Physical Evaluation Board Works to Deliver Fair Outcomes
By Elaine Wilson
Special to American Forces Press Service
FORT SAM HOUSTON, Texas, June 9, 2008 Col. Troy Lovett considers himself a myth buster of sorts.
Terrie Wurzbacher, medical officer for the Physical Evaluation Board at Fort Sam Houston, Texas, reviews a soldier’s file. U.S. Army photo by Elaine Wilson, Fort Sam Houston Public Information Office
(Click photo for screen-resolution image);high-resolution image available.
As president of the Physical Evaluation Board here, Lovett spends a considerable amount of time setting the record straight about the PEB process, which determines whether soldiers are fit or unfit for duty.
“Soldiers may hear something from a buddy or a blog and accept it as fact,” he said. “There are a lot of myths out there about the system.”
Since Physical Evaluation Boards deal with money and careers, the rumor mill may be inevitable, Lovett said, but he hopes one truth remains evident. “The reality is that we are all focused on making sure soldiers are treated fairly and receive their full due process,” he said.
At Fort Sam Houston, a 16-person staff, skilled in medical and military matters, is dedicated to carrying out the PEB mission, which echoes Lovett’s mandate: “provide a full and fair hearing to determine a soldier’s physical fitness for continued military service.”
The process starts with stacks of paperwork about the soldier’s medical condition and duty performance, which represent years of service and considerable work by the soldier, his or her chain of command, and the medical staff providing treatment.
Prior to the PEB, soldiers must work with their PEB liaison officer to gather extensive documentation regarding their case, to include the results from a Medical Evaluation Board. The MEB, normally conducted at a military treatment facility, uses tests, exams and medical records to make a recommendation to the PEB about whether or not the soldier meets medical retention standards.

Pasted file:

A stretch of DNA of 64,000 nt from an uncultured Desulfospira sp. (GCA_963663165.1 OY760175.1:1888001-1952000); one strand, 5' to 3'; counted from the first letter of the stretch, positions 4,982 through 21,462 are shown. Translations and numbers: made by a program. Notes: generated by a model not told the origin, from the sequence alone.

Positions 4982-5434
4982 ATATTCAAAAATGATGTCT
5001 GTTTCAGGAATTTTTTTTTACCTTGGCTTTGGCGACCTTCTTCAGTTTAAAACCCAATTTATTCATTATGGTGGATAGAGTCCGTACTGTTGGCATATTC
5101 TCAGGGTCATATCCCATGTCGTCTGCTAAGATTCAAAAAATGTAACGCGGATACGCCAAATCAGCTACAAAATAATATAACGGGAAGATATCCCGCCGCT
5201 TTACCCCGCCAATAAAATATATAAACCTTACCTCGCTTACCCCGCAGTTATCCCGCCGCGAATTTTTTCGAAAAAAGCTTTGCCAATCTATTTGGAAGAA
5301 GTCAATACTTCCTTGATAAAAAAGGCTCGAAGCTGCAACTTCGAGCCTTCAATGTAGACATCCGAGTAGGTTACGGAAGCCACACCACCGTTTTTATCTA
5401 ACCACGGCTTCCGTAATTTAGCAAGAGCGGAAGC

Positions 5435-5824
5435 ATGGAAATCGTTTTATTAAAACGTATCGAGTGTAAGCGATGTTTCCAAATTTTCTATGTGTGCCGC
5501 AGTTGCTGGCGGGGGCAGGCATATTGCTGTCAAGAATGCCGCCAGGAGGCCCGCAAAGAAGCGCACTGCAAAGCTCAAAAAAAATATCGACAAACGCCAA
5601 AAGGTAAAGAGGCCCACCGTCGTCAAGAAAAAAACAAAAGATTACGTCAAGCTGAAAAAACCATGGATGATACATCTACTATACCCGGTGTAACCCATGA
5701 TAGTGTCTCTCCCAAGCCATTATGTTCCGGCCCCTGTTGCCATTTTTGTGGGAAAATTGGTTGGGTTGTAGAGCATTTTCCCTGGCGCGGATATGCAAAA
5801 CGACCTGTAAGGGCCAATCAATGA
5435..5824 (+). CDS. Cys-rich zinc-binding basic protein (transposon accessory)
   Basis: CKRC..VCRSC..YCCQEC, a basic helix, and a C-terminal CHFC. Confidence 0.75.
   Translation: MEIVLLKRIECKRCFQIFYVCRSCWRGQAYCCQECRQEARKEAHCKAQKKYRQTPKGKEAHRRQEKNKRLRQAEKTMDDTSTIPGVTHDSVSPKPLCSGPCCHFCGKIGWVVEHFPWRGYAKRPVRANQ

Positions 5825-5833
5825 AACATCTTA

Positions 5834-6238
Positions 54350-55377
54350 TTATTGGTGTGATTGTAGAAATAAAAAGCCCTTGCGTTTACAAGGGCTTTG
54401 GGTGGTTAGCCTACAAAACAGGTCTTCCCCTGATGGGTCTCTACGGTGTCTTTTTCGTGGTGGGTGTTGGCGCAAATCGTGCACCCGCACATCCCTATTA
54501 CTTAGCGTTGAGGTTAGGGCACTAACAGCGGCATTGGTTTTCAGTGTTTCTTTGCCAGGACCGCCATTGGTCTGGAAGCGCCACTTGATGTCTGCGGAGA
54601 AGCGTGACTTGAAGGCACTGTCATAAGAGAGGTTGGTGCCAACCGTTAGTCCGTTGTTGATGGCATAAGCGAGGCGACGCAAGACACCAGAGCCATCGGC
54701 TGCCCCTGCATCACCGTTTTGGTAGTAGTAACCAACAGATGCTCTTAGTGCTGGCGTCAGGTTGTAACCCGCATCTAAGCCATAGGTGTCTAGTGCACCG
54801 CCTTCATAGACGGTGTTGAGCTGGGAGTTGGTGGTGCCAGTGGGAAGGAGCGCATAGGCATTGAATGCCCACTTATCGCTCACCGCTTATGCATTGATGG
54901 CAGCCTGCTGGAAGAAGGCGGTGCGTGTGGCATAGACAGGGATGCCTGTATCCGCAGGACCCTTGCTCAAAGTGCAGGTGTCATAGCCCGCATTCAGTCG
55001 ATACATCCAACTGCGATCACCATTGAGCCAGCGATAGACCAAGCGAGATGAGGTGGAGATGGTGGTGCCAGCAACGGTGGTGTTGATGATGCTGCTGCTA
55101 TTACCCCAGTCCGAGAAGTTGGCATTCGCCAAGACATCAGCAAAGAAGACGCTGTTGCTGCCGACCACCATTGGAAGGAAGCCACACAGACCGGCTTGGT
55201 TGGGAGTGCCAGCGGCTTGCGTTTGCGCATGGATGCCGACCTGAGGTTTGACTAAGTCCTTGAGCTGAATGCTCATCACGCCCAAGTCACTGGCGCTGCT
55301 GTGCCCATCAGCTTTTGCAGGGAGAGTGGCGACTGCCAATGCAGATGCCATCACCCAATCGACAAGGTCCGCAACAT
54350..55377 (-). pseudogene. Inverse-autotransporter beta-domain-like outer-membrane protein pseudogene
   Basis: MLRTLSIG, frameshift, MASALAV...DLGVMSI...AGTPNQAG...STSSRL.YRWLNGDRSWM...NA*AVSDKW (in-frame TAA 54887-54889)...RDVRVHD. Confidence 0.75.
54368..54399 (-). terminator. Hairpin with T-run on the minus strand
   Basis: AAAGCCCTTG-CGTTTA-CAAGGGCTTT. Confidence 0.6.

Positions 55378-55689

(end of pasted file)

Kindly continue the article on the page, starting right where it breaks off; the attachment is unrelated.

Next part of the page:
In turn, PEB members must weed through a massive amount of information, including MEB results, medical files, evaluations, counseling forms, commander’s statement, and results from physical fitness tests. Their goal is to reach a decision about whether or not a soldier can continue service.
A soldier may be considered fit or unfit based on several criteria, the most critical being performance and how the soldier’s medical condition affects his or her performance, Lovett explained.
“For performance, we look at whether or not a soldier can meet Army standards in their primary military occupational specialty,” he said. “As for medical condition, we have to decide if the condition precludes a soldier from reasonably performing the duties of his or her office, grade, rank or rating in his or her unit, at the present time.”
Deployability is a factor considered in the equation, but it is not used as a sole basis for an unfit determination, Lovett said.
After review, a three-person board consisting of a president, a medical member and a personnel management officer, votes on each case, and the majority decision rules.
“We are making a determination if the soldier can continue to do his or her job,” Lovett said. “If a soldier is considered unfit, we make a recommendation whether to separate or retire the soldier.”
If a soldier is considered unfit, the PEB will recommend one of the following options: separate with severance pay, separate without benefits, place on the temporary disability retirement list, or grant permanent disability retirement. Soldiers placed on temporary disability retirement receive health benefits and some of their base pay, but are subject to periodic examinations to determine the long-term outcome. A soldier placed on permanent disability retirement is medically retired, which can follow 20 years of service or a 30 percent or higher disability rating, provided the rated condition is considered stable.